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Friday, November 18, 2005

Private Sales and Fraud

Before you read this article from the Real Estate magazine you should be aware that mortgage fraud is a very serious matter in Alberta. So much so that in a province where every mortgare used to be assumable that is no longer the case. The banks led by the Alberta Treasurey branch have begun to enforce the "due on sale" clause that has always been there but never enforced. There are all manners and forms mortgage fraud so be aware and protect your identity. We are very aware of the mortgage fraud issue (see resume online at ). We will protect you privacy and identity. The second article following is about record fraud activity from the Edmonton Journal on October 25th 2005.

Criminals have found a new application for identity theft – real estate title fraud – and the Greater Toronto Area is at the centre of this growing criminal activity, according to industry experts at a recent real estate fraud summit in Oakville, ON. Susan Leslie, VP claims and underwriting for First Canadian Title says, “Nine times out of 10, we see fraud cases arising out of private purchase and sale agreements.” “In 2000, real estate title fraud accounted for 6% of total claims,” says Leslie. “This number grew to 14% in 2002 and 36% last year. Real estate fraud now represents our single largest claims category. We have been forced to understand the warning signs and are working hard to do our part in educating the industry of the dangers.”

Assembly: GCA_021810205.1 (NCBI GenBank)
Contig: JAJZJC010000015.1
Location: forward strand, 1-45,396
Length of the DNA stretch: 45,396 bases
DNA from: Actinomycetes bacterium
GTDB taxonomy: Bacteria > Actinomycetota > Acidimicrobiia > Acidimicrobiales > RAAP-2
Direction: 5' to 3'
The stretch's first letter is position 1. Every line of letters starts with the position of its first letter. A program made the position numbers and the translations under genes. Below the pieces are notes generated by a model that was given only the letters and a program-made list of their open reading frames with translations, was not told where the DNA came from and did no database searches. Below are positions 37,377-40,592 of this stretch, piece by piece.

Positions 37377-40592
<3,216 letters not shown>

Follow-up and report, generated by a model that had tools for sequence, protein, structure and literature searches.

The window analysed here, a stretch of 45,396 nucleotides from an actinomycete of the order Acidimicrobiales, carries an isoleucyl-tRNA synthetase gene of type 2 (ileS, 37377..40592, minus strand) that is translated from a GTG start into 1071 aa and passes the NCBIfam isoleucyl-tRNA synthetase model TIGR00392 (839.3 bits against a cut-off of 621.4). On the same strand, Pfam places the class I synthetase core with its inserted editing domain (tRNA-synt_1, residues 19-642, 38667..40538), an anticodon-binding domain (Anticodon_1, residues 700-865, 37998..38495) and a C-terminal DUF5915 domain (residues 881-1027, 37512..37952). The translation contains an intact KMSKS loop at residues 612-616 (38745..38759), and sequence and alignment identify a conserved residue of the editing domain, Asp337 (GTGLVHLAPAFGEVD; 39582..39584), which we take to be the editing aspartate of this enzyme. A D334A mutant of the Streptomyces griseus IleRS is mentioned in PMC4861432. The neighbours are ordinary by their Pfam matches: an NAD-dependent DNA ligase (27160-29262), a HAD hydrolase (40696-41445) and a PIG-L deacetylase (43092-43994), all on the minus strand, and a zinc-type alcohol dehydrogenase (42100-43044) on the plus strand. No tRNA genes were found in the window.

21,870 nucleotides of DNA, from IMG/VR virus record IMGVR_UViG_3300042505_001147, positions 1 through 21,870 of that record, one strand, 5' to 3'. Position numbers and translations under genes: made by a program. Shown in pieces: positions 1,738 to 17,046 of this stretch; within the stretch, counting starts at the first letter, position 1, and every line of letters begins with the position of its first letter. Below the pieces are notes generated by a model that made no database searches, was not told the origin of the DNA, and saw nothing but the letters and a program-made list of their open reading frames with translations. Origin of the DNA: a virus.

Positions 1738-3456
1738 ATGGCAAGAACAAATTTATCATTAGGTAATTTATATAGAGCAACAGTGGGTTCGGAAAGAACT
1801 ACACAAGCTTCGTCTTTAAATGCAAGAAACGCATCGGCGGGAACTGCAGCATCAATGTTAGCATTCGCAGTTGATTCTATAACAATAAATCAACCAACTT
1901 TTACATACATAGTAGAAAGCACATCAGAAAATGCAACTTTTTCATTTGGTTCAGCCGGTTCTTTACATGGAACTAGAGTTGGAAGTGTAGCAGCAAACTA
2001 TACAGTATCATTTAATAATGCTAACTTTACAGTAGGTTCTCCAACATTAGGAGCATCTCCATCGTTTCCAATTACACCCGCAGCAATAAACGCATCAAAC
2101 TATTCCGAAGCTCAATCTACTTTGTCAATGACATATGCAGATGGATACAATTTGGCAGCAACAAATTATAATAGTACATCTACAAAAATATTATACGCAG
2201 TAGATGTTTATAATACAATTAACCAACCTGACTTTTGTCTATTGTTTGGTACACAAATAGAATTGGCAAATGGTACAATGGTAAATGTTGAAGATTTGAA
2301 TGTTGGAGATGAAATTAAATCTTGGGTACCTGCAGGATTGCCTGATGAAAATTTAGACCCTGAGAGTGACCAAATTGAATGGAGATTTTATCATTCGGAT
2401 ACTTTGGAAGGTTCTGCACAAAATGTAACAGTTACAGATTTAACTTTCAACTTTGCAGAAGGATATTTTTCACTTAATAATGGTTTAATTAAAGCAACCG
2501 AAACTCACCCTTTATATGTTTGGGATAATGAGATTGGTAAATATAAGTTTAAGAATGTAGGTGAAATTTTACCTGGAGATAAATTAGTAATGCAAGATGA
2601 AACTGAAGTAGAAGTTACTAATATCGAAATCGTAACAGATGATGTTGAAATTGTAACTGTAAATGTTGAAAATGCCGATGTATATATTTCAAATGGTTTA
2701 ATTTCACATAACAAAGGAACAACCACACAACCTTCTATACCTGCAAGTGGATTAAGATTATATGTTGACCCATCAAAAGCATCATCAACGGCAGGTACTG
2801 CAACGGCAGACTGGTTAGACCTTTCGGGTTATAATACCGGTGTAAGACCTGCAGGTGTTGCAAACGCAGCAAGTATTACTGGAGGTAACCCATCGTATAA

Mortgage fraud losses soar in US this year – Edmonton Journal, October 25, 2005

Reported losses on mortgage fraud more than doubled to $1.014 billion so far in 2005, making the category one of the fastest-growing types of white-collar crime in the US, according to the FBI. Mortgage fraud has surged as the boom in US housing encouraged criminals, Derek Siegle, assistant chief of the financial crimes section of the FBI, said at a panel discussion of the Mortgage Bankers Association in Orlando, Florida. The ease of access to mortgage money has made it possible for more criminals to defraud lenders, he said. Mortgage products such as loans that require no documentation or income verification have made the industry ripe for fraud, he said. The FBI this year has 22,000 reports of suspicious activity related to mortgages, up from about 17,000 in 2004, he said. Popular types of mortgage fraud include “flipping,” in which a buyer purchases a home, obtains an inflated appraisal, and sells it at a profit, he said.


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